army/navy, and ripcords should be pulled when you see the sky so you don't
get opening when you are face to earth. And that was the beginning of our
club, founded in the fall of 1958 by "Pete" Errol Harkness and Jeff Davis
as the MSU Parachute Club. In 1961 it was renamed MSU Silvertip Sky
Divers. The first "game" jump was in 1959.
Hard to believe but it's true! I know it is because Stanley Oliver Sykes
told me so.
In 1966 the SSDs bought their first airplane, 2816A, which was crashed
(ground looped I believe) in 1967 by Bob Schuttie in Banff Canada. Is Bob
here? I was shocked as to how little info on that subject I found in all
the past records.
Then in 1967, when I started jumping, we bought our second aircraft 57C.
This plane was like the brother I never had. I grew up in it both jumping
and as an aspiring commercial pilot. We loved and took care of that ship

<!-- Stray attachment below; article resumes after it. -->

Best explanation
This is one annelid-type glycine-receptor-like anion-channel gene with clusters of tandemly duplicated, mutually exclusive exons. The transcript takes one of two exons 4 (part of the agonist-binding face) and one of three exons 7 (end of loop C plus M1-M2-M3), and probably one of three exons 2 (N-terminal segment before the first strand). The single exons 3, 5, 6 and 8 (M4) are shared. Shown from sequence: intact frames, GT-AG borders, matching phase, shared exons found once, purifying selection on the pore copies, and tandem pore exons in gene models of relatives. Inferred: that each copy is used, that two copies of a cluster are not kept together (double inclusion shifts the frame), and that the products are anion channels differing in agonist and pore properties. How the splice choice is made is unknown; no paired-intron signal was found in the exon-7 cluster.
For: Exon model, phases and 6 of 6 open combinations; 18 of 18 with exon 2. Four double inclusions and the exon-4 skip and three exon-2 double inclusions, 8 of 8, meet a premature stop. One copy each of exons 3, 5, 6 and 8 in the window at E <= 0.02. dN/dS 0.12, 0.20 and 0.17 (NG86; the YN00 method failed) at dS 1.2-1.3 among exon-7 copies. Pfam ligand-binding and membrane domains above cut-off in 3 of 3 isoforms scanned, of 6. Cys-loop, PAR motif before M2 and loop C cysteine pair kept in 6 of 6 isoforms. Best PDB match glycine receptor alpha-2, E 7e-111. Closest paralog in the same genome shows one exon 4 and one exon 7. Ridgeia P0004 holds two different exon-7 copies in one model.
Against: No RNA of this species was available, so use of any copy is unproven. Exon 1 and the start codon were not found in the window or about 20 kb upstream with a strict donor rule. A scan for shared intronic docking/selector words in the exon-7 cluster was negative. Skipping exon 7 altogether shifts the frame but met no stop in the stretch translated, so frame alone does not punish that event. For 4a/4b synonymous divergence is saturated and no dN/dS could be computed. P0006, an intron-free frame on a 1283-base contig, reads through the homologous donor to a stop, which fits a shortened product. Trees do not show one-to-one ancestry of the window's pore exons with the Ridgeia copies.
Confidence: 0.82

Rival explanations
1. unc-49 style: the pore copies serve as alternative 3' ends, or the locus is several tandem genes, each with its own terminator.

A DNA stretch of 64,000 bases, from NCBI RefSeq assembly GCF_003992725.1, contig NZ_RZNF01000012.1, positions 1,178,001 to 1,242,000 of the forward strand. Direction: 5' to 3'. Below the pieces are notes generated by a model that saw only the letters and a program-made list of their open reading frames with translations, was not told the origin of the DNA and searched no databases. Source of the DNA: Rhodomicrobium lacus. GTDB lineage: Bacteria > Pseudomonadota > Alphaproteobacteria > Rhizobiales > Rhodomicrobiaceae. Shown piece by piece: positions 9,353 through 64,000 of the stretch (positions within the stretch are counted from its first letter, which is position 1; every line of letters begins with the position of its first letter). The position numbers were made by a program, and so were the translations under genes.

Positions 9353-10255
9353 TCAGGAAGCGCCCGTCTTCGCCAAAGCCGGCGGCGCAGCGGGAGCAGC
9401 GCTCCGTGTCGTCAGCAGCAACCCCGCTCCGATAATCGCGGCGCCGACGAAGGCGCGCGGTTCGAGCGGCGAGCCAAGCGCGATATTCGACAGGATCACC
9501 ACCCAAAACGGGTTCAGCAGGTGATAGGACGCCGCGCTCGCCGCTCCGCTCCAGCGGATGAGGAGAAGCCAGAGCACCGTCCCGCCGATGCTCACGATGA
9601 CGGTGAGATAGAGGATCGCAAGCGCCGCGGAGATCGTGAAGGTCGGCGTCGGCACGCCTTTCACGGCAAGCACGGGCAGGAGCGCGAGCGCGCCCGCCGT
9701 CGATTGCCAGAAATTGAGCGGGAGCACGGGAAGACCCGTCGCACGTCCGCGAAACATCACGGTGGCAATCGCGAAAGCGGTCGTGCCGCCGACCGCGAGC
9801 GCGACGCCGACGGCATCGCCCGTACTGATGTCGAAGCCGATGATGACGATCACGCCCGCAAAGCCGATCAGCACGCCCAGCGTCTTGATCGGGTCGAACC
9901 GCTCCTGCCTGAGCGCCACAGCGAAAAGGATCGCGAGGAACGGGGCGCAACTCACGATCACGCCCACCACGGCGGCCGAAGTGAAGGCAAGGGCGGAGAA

until 1970 when it and three of our dear friends perished in a tragic
mid-air over Missoula.
This period was also the heyday of Skydiving in Missoula. Not to mention a
very exciting time in our sport. Relative Work was born. We went beyond
the baton pass to building 10 ways. Our Club was on the leading edge of
all this excitement. Our availability of large A/C was staggering. We had
a fleet of DC-3s, Twin Beeches, Curtis Wright Travel Airs, a Stagger Wing
Beech and a DC-2. We had about 40 active members and trained approximately
100 students per year. We hosted what is believed to be the first 10-way
money meet in the early '70s. Jerry Bird and his All-Stars came and gave
RW seminars to all his competition prior to taking our money. Names like
John Ward, Randy Mosely, Bob Murry, Bob Smith, Jim Maxon, Larry Mason, Andy
McFarland, Jeff Frangoes, BJ and Sam Worth, Carna Sunbee, Mike Olson, the
flying Nardinies, Rich Swinderman, Sherrill Cyr, Liena Larson, Peggy
Lotten, Alva Simes, Jay and John Andrus, Tara Sales, Ron Bright and way
more than my dwindling mind can remember. These were potentially exciting
times, pioneering times. The most exciting time in my life. They have
changed us forever!!!
Then came 11E, the high visibility version of C-180, Lime Green and Puke